Directors under pressure, need to take action NOW!


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Directors under pressure, need to take action NOW!

With COVID wreaking havoc both financially and emotionally, what do directors of struggling companies do to ensure they are not in the firing line when things start to normalise?

During these difficult times, directors are under pressure to refocus and make important decisions on all aspects of business, such as corporate strategy, funding and capital requirements.  These decisions need to be made carefully and in a timely manner to ensure that they are reflecting their duties to act with due care and diligence and in the best interest of the company and shareholders.

Presently many companies are merely treading water or are just hanging on by a thread.   But this time around it is different, the Federal Government has not invoked any special insolvency provisions to protect directors. Directors need to consider their position, especially in relation to insolvent trading provisions.

Consequently, they have neither the money nor the appetite to take costly legal action to recover outstanding debts, especially given the prospect of little recovery from their debtors who are likely to be in an equal or even worse financial position.

Outstanding debts need to be addressed  

COVID-19 has had a huge impact to our economy, and it is not clear how much longer it will continue; however, it is inevitable that the tide will turn and the Australian Tax Office (ATO) will become more aggressive in recovering its burgeoning outstanding debts.

In a report recently published by the Inspector-General of Taxation, outstanding collectable debts owed to the ATO are at record levels, having blown out to $34.10 billion for FY20.  This figure was under $20 billion just 5 years ago.  With a government carrying its highest level of debt ever, we know this can only go one way.  They will be very keen to actively start recovering much needed revenue.

Interestingly, the above debt is split with:

  • small businesses accounting for about 62% of this debt (over $21 billion)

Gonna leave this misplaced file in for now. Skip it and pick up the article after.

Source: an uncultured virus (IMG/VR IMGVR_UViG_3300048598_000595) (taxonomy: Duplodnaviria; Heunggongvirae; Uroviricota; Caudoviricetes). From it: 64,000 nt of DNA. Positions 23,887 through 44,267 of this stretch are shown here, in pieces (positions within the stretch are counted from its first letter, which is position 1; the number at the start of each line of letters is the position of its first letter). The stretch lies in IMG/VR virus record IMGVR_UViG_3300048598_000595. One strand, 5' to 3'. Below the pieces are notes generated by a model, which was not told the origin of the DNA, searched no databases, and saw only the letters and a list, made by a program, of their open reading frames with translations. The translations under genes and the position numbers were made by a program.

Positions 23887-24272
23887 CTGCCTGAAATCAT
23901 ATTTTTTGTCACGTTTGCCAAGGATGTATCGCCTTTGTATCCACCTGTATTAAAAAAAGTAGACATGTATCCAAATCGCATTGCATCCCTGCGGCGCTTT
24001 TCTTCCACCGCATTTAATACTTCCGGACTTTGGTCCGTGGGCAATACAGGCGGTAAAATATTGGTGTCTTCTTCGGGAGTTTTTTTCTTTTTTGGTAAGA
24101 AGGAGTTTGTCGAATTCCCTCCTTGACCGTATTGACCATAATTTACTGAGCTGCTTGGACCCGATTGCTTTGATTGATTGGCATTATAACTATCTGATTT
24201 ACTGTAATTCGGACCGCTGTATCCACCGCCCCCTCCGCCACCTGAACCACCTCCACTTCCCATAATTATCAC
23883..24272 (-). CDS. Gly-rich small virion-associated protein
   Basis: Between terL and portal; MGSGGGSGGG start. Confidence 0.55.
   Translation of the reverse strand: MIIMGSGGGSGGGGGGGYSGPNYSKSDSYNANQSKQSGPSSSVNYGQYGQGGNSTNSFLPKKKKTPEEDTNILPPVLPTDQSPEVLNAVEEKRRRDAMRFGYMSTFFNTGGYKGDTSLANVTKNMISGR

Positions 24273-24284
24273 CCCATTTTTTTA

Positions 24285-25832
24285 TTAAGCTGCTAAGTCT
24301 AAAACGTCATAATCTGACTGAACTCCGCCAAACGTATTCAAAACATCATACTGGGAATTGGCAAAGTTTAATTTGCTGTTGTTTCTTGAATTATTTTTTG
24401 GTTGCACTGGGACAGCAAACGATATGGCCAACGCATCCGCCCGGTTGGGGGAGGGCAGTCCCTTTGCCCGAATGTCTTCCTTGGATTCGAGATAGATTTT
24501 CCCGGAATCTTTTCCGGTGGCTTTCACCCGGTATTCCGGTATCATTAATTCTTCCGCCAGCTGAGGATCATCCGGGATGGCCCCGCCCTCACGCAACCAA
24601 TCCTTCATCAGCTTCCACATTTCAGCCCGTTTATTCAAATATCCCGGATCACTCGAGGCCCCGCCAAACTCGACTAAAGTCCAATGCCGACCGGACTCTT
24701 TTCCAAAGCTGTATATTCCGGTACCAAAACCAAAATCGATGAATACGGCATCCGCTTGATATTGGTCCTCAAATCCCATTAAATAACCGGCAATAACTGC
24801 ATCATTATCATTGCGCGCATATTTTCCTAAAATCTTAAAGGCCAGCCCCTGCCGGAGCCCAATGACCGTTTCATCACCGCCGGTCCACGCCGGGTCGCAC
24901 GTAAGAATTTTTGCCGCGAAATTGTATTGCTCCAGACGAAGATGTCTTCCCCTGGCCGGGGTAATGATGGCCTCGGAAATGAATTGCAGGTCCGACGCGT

• individuals accounting for 20.6% (over $7 billion)

In terms of industry sectors:

  • construction is by far the biggest debtor, accounting for about 47% of the collectable debt
  • professional services represent about 12.5%
  • while accommodation and food services account for about 11.5%.

However, it is worth noting that these figures are for the 2020 financial year. A year that has had the benefit of government support, primarily Jobkeeper, and also other legislative protections, grants etc. These recent lockdowns have been more pervasive, and it is expected that the hospitality, retail, and food sectors will be more significantly adversely affected.

So, what does this mean for directors?

When the ATO ramps up collection efforts, companies will be increasingly put in a position where they will need to either pay the full debt immediately or consider the alternatives.

If they are not able to collect outstanding debtors (and let’s face it, they are probably going to be in the same boat), then they may not be able to meet the ATO demands once they are made.

If a Company’s financial position is rapidly deteriorating and a director feels they may be heading down this road, they should not wait to be backed into a corner and be placed in a pressured position with limited options.

In this situation, insolvent trading laws state that their personal assets could be exposed to meet the claims of the company’s creditors.  This would be the worst-case scenario and can be avoided if help and advice are obtained at the right time.  Simply put, the alternatives and options that are available reduce with time and by any action being taken against you.

 ATO’s new approach

The ATO has recently presented at various industry bodies indicating a move to increase debt collection activity. The ATO’s collection team has stated that the present approach will have to change, likely when restrictions lift.

Company directors need to be proactive. If there is a significant ATO debt, they need to reach out to the ATO and consider entering a payment plan.

If this is not possible, then urgent advice from an insolvency practitioner is needed to determine what alternatives are available.

To do nothing and just wait for that legal letter reduces the options and risks the personal assets.

Directors need to take control and act in the best interests of the company and all stakeholders.

Should you wish to talk to us to understand your position and what options are available, please contact Riad Tayeh on 02 9633 3333 or mail@dvtgroup.com.au.

dVT Group is a business advisory firm that specialises in business strategy, turnaround, forensic investigations and insolvency (both corporate and personal).